The Relationship Between Religion and Hip-Hop
By: Sarah Wright,
Public & Global Affairs Intern
Ever since hip-hop originated in the South Bronx in the mid-1970’s, the music genre has transformed the ways in which modern music is seen in America and across the world. To many, hip-hop is the music that defines and documents streetlife and gives it an authentic voice, which is then translated into a global language that speaks to social injustices, racial divides, and inequality. More than just songs on a track, hip-hop encompasses an artform, a philosophy, and a political worldview that speaks about the way the world is and the way the world could become. While their messages may often seem contrary to each other, on their fundamental level, both religion and hip-hop aim to spread a relatable message and mission that have local roots that are globally applicable. Religion, and often the Christian Church, provides a language through which the hip-hop artists are able to provide social commentary through language that the Church has domesticated. In the BBC show Beyond Belief, Chris Shannahan argues that the domesticated Psalms in the Hebrew Bible, are, in sorts, a shaking of a fist at God. In parallel, modern hip-hop can be considered a shaking of a fist at social inequality, similarly to the hebrew prophets. He then goes on to claim that out of this connection with religion and hip-hop a new, contemporary Holy Trinity has emerged between Tupac Shakur, Malcom X, and the figure of Jesus as a “brother or one of us” not as a saviour or son of God. This ‘Holy Trinity’ exemplifies the relationship between rap music, racial inequality, and their relation to religion.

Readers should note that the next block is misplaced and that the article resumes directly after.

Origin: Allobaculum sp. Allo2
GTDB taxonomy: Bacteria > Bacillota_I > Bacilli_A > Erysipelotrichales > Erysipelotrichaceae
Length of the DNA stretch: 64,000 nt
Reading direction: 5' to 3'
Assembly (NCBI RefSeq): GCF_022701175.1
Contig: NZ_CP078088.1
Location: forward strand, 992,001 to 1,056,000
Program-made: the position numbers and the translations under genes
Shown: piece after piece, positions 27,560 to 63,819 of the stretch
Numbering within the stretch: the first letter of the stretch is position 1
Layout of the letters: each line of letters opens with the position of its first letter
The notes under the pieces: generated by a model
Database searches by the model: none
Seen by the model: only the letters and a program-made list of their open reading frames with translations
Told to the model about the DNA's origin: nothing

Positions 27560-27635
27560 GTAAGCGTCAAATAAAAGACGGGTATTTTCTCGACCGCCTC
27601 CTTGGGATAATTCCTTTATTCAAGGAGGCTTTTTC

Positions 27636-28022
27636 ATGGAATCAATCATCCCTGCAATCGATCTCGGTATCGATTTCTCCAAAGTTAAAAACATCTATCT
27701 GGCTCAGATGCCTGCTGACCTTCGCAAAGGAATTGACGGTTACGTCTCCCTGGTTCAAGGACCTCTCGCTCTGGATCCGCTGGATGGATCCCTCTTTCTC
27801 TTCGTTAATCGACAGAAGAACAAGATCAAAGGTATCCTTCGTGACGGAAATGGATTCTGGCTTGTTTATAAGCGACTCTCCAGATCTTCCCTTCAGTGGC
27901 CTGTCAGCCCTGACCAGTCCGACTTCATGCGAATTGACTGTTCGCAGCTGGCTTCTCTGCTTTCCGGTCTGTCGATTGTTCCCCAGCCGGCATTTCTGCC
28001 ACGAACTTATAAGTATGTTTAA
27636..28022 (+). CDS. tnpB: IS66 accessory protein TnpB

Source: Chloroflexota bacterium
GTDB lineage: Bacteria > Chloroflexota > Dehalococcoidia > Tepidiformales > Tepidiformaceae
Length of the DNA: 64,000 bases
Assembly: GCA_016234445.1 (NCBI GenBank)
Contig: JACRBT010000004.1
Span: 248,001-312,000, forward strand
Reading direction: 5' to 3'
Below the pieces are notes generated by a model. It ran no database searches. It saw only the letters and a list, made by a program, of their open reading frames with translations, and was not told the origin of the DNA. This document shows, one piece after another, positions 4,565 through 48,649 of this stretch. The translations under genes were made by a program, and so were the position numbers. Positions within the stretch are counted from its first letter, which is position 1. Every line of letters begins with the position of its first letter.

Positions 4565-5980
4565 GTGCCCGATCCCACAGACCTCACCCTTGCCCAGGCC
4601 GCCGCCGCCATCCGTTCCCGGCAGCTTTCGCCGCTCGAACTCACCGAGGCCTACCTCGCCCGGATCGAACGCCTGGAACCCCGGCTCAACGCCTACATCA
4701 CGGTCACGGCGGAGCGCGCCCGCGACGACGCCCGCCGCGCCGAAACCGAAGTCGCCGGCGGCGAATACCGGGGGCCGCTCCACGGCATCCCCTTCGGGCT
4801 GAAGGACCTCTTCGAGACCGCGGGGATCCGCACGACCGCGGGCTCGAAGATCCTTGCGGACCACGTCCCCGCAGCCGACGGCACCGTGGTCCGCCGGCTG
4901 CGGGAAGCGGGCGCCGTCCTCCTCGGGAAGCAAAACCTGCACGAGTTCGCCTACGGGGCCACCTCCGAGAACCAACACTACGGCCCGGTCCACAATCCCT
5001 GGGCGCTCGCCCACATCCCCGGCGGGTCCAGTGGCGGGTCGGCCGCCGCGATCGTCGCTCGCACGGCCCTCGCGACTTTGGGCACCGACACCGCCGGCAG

While hip-hop may have first appeared in New York, Chicago has its own special relationship with hip-hop and its religious affiliation. Kanye West, a world famous Chicago-born rapper often quotes the bible and other Christian prayers in his music. For example in one of his performances on Saturday Night Live, West began by singing a riff on the Prayer of St. Francis: Deliver us serenity/ Deliver us peace/ Deliver us loving/ We know we need it. Rap has taken a more religious turn in the past couple years after holy lyricism and Gospel were popularised by artists like Sir the Baptist. Sir the Baptist’s father was a preacher and he says that his music is, “ an open letter to both communities — the hip-hop community and the religious community,” he says in a later interview. “It’s like what Jesus did when he turned the tables over (of the money collectors) in the temple. It’s saying things aren’t what they should be in either place.” Gospel, which finds its roots in Chicago, shaped the civil rights movement and now, gospel and rap is shaping today’s modern day Black Lives Matter movement, once again giving a voice to those who feel forgotten.